Tuesday, September 05, 2006

Perak Hotel and Subways in Singapore

For the low-budget traveler who wants to be in the midst of Singapore, with all the sights, smells, and sounds of India, Perak Hotel (formerly Perak Lodge) is a great place to stay. The staff is extremely warm and accommodating. For example, when my roommate and I wanted to check out later than the hours posted, they graciously let us keep our bags in the room until we were ready.

Perak Hotel Staff

The hotel is in the midst of Little India, a truly colorful place to explore. I spent a couple of days, one with my friends and one alone, going through countless small shops selling Indian-style clothing, earrings, and sandals, as well as spices and food. Within a short distance of the hotel are both a mosque and a Hindu temple, which permit visitors. Naturally, there are restaurants all over, and I was able to have Indian food of various kinds for five days in a row!

Perak Hotel StaffAs for the hotel, the rooms were a bit cramped (not large enough to do yoga in), but not uncomfortable. Some of the facilities in our rooms, such as the shower (with water not as hot as it might be) and air conditioner (which was difficult to adjust to a comfortable temperature), were not in the best working condition, but with no major problems.

My roommate was bothered by the noise of the adjoining bars on the weekends, which stayed open until 2 a.m. One apparently was playing Indian music all hours. (They didn't bother me since I live in an apartment on a busy street so am used to noise.) At her request, the staff moved us to a quieter room on the other side.

Interior - Perak HotelBreakfast, with a huge fruit bowl and orange juice, is available in a small pleasant dining area from 7:00 - 10:00 a.m. Besides bread (including whole wheat), jam, peanut butter, honey, and cereal, there are hot dishes, sometimes eggs and sometimes noodles. The coffee and tea are both instant. One morning, at the tables around us, I heard at least 4 different languages being spoken by the various guests!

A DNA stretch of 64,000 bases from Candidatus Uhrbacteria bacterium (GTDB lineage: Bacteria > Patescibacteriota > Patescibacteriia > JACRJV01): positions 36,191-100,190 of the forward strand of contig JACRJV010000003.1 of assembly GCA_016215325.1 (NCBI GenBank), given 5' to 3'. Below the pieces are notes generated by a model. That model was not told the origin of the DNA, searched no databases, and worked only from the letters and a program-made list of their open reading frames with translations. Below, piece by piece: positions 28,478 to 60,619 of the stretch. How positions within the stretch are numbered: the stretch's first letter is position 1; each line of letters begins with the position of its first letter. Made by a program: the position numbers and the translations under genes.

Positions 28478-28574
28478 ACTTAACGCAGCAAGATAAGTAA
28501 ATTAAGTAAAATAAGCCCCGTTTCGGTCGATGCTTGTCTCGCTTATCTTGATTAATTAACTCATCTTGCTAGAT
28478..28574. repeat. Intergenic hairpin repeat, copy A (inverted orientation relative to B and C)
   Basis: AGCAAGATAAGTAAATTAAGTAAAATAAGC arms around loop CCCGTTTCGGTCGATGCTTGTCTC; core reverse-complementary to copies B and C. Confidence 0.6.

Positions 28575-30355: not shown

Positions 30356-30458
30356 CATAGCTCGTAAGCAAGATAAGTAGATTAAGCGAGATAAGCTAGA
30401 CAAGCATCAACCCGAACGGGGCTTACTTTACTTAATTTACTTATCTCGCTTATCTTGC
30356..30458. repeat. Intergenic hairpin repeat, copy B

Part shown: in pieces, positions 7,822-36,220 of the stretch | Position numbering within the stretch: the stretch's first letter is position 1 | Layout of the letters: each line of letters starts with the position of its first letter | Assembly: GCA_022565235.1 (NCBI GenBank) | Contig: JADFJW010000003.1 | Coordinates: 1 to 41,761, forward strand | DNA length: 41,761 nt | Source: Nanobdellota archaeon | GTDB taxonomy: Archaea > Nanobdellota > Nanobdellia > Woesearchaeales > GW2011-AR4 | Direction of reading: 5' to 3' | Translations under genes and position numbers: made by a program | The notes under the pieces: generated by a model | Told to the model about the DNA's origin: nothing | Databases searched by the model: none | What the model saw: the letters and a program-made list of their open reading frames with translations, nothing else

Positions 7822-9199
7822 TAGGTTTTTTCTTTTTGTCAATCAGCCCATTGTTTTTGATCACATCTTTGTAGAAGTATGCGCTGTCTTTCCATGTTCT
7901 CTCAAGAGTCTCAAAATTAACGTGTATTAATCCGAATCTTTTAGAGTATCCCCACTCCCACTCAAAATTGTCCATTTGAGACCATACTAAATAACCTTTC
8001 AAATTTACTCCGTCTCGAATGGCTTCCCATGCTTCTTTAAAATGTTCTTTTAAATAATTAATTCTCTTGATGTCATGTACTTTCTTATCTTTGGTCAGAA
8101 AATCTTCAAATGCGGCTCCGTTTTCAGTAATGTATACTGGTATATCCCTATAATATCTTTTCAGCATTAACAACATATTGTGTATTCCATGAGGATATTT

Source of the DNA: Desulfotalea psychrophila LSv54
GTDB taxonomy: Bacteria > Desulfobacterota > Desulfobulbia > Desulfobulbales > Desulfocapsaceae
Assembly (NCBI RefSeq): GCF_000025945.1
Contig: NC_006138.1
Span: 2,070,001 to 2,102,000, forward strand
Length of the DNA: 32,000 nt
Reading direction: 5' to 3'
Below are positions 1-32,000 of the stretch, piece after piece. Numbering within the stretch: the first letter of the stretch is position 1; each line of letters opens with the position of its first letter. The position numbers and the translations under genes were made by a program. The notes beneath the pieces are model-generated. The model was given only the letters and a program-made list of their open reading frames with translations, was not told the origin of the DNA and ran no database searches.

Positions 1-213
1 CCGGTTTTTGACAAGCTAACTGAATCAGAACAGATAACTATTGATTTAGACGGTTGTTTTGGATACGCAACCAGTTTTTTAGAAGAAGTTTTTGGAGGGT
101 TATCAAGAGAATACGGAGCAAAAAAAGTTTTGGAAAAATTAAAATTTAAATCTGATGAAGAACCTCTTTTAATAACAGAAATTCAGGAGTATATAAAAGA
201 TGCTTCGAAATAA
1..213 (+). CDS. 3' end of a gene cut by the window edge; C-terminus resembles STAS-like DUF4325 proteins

Had I known the hotel has its own wireless Internet set-up, I would have taken my laptop. It wasn't a problem, though, since less than a block away were at least 3 Internet cafes, charging $3 an hour, so I was able to check on my email. What's more, it was only 3-4 blocks from the subway station, so we could easily get around town, especially since my friend, Kaori, had bought us subway passes that only needed to be tapped at the ticket gate.

The subways in Singapore are so much more spacious than those in Japan, but just as clean. Electronic signs signal when the next train is due to arrive. People are generally courteous, standing at one side to let others off before getting on. For passengers who are standing, there are poles in the center to hold onto, so one can be near the doors and not treading on the toes of those sitting.

There are about 7 subway lines, and with all the escalators and long corridors, some of the stations can be a bit confusing to navigate. However, with a variety of artwork all over, even getting lost in the station can be pleasant.
Kaori in Subway Station

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